Lauri: I come to this with many different responses from many different directions. I wanted to know the songs as quickly as possible because I knew that we weren’t going to be able to meet with the Opera until the very last week of the series. So, we were listening to “Tales of Hoffmann” while also being in the middle of discovering three other sites for dance during Liquid Culture.


Opera and dance. It’s really only in our country that these two aren’t being explored the way were doing. In Germany, for example, this is happening. Choreographic operas they are called; the operas are catalysts in the same way that dance is. My association with opera is several years long now, starting with choreographing the first Spanish language opera to be produced in the United States. This was with the Atlanta Opera and unfortunately the funding fell through, but this was my first entrance to this relationship we are developing with the Atlanta Opera.


I always begin our work with exercises, in Liquid Culture it was with first with Joyner and then the narrative gets transferred to several other folks throughout the series. I like being an earthling, I like gravity. You might have noticed the first station at 15th and Peachtree, which was described as a shimmering spine. That was literally the first point in our working with the Atlanta Opera.

Sol LeWitt was a collaborator with us, even though he’s dead. His spaces he made, they seemed to be made without a concern for whether we were allowed into the work or not. So with Laura we were constantly talking about how to enter into opera and how to enter into dance.


Audience member asked about the platinum wigs.


Lauri: We don’t really work in a male-female situation. I grew up with parents that were pretty much naked around the house frequently. We are a four-legged species, that is how we work. The fact that those wigs were the only ones we could get for $6 a piece, that was the biggest reason to have those wigs.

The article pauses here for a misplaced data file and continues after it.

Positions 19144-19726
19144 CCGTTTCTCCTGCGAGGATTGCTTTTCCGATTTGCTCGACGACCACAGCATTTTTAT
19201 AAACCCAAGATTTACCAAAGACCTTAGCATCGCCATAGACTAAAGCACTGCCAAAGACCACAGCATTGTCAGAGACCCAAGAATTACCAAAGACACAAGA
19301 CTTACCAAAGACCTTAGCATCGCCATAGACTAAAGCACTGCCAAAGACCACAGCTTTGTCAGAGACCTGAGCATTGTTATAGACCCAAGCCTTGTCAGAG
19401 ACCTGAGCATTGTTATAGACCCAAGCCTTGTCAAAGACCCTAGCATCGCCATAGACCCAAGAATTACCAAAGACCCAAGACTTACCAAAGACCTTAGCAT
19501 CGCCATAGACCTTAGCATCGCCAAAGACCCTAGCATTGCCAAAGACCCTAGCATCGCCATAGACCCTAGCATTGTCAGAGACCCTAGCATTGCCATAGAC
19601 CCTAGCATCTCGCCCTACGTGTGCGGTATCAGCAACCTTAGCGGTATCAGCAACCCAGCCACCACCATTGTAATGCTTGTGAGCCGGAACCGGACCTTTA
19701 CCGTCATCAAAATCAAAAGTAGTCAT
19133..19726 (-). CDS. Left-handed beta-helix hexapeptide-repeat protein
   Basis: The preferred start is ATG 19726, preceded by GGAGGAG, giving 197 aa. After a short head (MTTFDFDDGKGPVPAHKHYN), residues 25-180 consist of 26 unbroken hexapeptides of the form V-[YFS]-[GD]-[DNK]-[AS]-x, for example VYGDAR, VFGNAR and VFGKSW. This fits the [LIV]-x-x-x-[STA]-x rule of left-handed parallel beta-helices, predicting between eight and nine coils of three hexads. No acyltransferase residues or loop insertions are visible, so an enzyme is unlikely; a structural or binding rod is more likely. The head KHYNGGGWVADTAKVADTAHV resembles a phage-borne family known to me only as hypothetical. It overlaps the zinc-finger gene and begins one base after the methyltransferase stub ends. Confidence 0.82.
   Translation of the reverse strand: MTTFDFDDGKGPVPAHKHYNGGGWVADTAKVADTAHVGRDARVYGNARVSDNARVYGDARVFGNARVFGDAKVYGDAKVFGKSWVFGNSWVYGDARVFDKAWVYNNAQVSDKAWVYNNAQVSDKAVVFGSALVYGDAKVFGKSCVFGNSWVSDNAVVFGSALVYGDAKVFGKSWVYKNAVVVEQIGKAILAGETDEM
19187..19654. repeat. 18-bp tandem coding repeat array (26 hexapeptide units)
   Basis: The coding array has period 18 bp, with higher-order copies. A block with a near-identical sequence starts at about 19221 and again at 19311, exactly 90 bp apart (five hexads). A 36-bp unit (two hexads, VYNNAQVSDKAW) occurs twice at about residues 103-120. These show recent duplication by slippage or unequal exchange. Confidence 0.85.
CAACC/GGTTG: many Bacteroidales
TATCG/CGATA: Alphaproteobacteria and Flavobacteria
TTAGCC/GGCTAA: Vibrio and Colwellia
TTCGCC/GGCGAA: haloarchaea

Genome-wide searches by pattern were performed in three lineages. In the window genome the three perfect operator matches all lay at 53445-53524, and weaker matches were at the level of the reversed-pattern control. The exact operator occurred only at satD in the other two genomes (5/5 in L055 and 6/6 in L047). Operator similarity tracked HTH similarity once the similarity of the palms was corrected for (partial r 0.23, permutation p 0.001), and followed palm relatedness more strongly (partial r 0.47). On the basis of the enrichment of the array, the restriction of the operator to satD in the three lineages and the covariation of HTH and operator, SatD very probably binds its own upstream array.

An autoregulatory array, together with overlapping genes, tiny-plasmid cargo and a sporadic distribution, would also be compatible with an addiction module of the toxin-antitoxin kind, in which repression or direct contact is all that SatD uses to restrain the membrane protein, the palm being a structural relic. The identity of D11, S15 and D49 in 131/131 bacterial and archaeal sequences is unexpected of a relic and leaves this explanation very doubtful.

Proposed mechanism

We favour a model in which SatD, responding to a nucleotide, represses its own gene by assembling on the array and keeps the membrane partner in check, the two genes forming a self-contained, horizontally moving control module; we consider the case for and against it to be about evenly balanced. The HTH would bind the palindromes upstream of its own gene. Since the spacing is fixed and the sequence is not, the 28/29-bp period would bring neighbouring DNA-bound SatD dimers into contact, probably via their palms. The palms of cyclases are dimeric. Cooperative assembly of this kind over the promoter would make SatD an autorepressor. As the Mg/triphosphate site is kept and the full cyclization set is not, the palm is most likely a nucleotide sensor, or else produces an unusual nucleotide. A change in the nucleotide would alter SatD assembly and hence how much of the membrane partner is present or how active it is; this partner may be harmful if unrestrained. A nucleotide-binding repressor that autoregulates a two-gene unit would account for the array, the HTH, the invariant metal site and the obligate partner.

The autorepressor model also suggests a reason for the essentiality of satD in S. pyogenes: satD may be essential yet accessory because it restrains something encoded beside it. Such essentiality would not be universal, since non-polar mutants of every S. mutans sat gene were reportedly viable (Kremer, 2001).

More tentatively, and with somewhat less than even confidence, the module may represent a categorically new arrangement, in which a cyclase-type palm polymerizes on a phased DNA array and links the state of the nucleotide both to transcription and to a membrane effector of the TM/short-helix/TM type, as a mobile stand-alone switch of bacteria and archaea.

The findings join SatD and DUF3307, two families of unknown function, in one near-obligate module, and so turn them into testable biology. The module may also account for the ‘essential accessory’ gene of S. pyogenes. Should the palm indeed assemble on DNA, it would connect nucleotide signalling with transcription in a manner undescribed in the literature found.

Audience: What was different from Friday and Saturday?


Lauri: The public was different. On Saturday I didn’t see the audience shift much at the beginning of the performance and that was problematic for me. We want the dance to spread, like a virus, among you and there is a certain kind of etiquette that spontaneously develops when we are together. We want you to be fluid with us. Density was the difference between Friday and Saturday. It’s like going from a small town to a city; they’re different worlds. Tuesday we’re voting about transit, we’re dealing with shifting migratory patterns across our city right now. That is in part what we were also trying to emphasize in the Liquid Culture series.


Joyner: Yeah, maybe because there were so many folks there on Saturday, it was hard to move around with the density of that audience.


Lauri: I know that I can’t change the way that humans interact. But I’m hoping that we will find ways to soften and be more fluid in these performances.